House may not have votes for civil unions
After a private caucus among majority Democrats, Say said lawmakers will have to consider whether they want to bring the bill to the floor even if they do not have a veto-proof margin, or 34 of 51 lawmakers.
The House passed a civil-unions bill last session, 33-17, with one Democrat who supports the bill absent. Say said support for civil unions may have slipped and put the latest private count at 31 lawmakers in favor.
LINK>>>State of the State Address: Full Text
ADV: Lingle proposes business stimulation incentives
In her eighth and final State of the State address, Lingle said "The income tax credit proposal grants credits equal to the wages withheld by the employer for each new, full-time permanent position filled by a resident who is currently receiving unemployed benefits."
Lingle also called for establishing a 10 percent construction and renovation tax credit for hotels and resorts as a means to help stimulate the economy.
The credit will be granted for the first $500 million in construction that gets underway in each of the next three years and could help create more than 23,000 jobs, the governor said.
Lingle also proposed moderating increases in the unemployment insurance tax, allowing employers to pay only 60 percent of anticipated tax hikes. The plan would save businesses $497 million over the next four years.
SB: Lingle focuses on budget fixes in last State of the State speech
An amended shell bill (SB404) could speed up movement of rainy day funds, says state Rep. K. Mark Takai
State Rep. K. Mark Takai plans to rewrite a bill that would fast-track the movement of $50 million from the state's emergency rainy day fund to the general fund, which the governor can tap for public schools.
"I don't want the fact that the Legislature has not taken action to be the reason why we don't end furloughs," he said. "The intent of the proposal is really to make it crystal clear we want this thing settled now."
Takai (D, Newtown-Waimalu) plans to strip Senate Bill 404 and rewrite the legislation to move the rainy day funds.
The bill's current version has already been voted on twice, and a rewritten version would need only two more votes to send it to the governor as early as Thursday -- one by the House to amend it and one by the Senate to pass it.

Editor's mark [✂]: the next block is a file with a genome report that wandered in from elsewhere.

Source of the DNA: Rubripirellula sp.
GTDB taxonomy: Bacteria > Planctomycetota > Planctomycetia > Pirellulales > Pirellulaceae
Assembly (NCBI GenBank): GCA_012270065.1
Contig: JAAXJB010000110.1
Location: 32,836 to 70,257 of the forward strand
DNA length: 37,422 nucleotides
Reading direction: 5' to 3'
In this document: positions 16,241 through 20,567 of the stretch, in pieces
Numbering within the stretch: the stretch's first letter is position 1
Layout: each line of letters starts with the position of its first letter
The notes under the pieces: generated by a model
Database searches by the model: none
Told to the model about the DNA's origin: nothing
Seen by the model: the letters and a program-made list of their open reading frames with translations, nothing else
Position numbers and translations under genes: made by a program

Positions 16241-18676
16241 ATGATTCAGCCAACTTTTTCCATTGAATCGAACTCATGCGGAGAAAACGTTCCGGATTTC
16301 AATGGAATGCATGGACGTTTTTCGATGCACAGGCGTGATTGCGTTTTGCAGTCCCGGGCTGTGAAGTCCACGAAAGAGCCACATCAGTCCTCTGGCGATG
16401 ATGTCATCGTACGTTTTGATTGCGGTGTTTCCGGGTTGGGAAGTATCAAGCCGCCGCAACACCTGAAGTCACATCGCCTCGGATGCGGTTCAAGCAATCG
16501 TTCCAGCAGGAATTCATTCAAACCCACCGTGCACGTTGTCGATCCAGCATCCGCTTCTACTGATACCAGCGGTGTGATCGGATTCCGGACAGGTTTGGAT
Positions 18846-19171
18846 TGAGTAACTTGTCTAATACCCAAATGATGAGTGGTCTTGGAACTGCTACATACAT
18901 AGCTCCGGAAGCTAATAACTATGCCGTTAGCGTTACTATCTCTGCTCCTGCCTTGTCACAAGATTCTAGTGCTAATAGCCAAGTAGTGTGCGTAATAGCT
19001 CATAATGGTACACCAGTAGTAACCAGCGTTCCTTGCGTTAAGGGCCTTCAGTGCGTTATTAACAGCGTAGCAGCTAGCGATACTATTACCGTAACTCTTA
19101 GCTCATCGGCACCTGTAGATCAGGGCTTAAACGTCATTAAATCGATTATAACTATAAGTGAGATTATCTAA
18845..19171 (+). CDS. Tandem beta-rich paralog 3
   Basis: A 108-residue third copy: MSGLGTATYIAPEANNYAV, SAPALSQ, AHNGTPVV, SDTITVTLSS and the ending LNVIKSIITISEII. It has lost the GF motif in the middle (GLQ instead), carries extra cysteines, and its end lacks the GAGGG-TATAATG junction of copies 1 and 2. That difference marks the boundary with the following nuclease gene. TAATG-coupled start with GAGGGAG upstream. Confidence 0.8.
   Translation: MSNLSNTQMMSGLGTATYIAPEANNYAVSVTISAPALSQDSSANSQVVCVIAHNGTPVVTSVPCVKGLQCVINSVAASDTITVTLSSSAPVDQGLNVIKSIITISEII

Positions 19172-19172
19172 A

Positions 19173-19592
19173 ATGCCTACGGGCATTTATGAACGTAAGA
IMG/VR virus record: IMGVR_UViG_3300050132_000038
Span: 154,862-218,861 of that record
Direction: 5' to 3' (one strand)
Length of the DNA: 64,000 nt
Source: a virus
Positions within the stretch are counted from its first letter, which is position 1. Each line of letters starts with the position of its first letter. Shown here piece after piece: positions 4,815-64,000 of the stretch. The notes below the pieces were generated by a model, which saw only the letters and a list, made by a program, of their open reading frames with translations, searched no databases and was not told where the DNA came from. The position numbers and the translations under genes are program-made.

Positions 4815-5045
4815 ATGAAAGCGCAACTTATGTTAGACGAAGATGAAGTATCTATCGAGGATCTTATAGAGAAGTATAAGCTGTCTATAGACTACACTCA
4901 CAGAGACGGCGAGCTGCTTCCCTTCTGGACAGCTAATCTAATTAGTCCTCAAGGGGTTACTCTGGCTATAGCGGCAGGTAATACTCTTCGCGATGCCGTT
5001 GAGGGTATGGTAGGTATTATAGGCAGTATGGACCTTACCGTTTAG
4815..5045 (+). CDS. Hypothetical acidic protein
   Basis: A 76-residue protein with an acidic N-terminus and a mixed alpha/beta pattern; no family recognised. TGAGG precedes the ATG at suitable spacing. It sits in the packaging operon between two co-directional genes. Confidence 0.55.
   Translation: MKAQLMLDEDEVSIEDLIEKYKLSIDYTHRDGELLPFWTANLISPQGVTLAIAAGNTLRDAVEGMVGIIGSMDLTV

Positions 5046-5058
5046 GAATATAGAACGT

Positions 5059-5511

Rail opponent Panos Prevedouros to run for mayor
Honolulu City Councilman Donovan Dela Cruz and City Prosecutor Peter Carlisle have also announced they will run for mayor whenever Hannemann leaves the post.
Others considering a possible bid include council Chairman Todd Apo and city Managing Director Kirk Caldwell.
Big Island lawmakers mull fall elections
AlQaeda is on tenterhooks (as are machete dealers islandwide) as North Kona Councilman Kelly “GTMO” Greenwell is still considering whether he will run for a second term, while other lawmakers are preparing their re-election bids.
Enriques, Yagong, and Hoffman will seek reelection. Others not announced yet. Enriques who is taking the $37,000 public funding has drawn one opponent Brittany Smart, who moved to Naalehu in 2007 will be given 37,000 to run against Enriques.
Abercrombie pretends to blast furloughs
Although the statement lists those areas as priorities in an Abercrombie administration, it is vague on what services he will cut or what taxes would be raised to balance the budget.
(Typical Abercrombie. All hot air. No substance.)
POLITICO: Hawaii (is the only place on earth) still crazy about Obama
Democratic candidates in the president’s native state quibble over who knows him better and likes him more. Those who were slow to get behind Obama in the presidential primary act almost with an air of desperation in their attempts to tie themselves to him — efforts that range from trying to declare his birthday a state holiday to turning up uninvited at public places during Obama’s holiday vacation, with hopes of a photo op.
Even Republicans here resort to lingual gymnastics as they try to express respect for their popular native son while offering muted criticism of his policies.
Jim Kelly named to Advertiser editorial post
Jim Kelly, editor of Pacific Business News for the past five years, is moving to The Honolulu Advertiser next month to oversee its editorial pages.
At PBN, Kelly often writes the newspaper's editorials and signed columns.
At the Advertiser, Kelly succeeds Jeanne Mariani-Belding, who left the newspaper after five years to work in the area of strategic communications.
(Ahem. For whom?)
Island landlords lowering prices, offering incentives for the first time in years
In some cases, landlords are dropping their rents by about $100 or more or are offering existing tenants lower rents to get them to stay.
Landlords are also being warned to prepare for a wait when they put a rental on the market.
Better Place raises $350 million in financing for electric car plans
The company also has been working toward starting a pilot project in Hawai'i and California.
Those who provided the current round of financing included HSBC, Morgan Stanley Investment Management, and Lazard Asset Management.
Illegal concrete fill helped rare stilts
For the unauthorized loading of hundreds of concrete slabs into a Waianae stream bed, the city faces federal fines, according to documents obtained from the U.S. Army Corps of Engineers.
But the slabs provided a roadway for heavy equipment to clear out alien vegetation and debris from Mailiili Stream, which then attracted a population of rare Hawaiian stilts.
Now the city has been ordered to remove the slabs while attempting to avoid disturbing the endangered birds.
City spokesman Bill Brennan said Cudiamat's department is investigating the illegal fill.
(Dep’t Investigating itself, while two conflicting environmental regs. bring everything to a standstill.)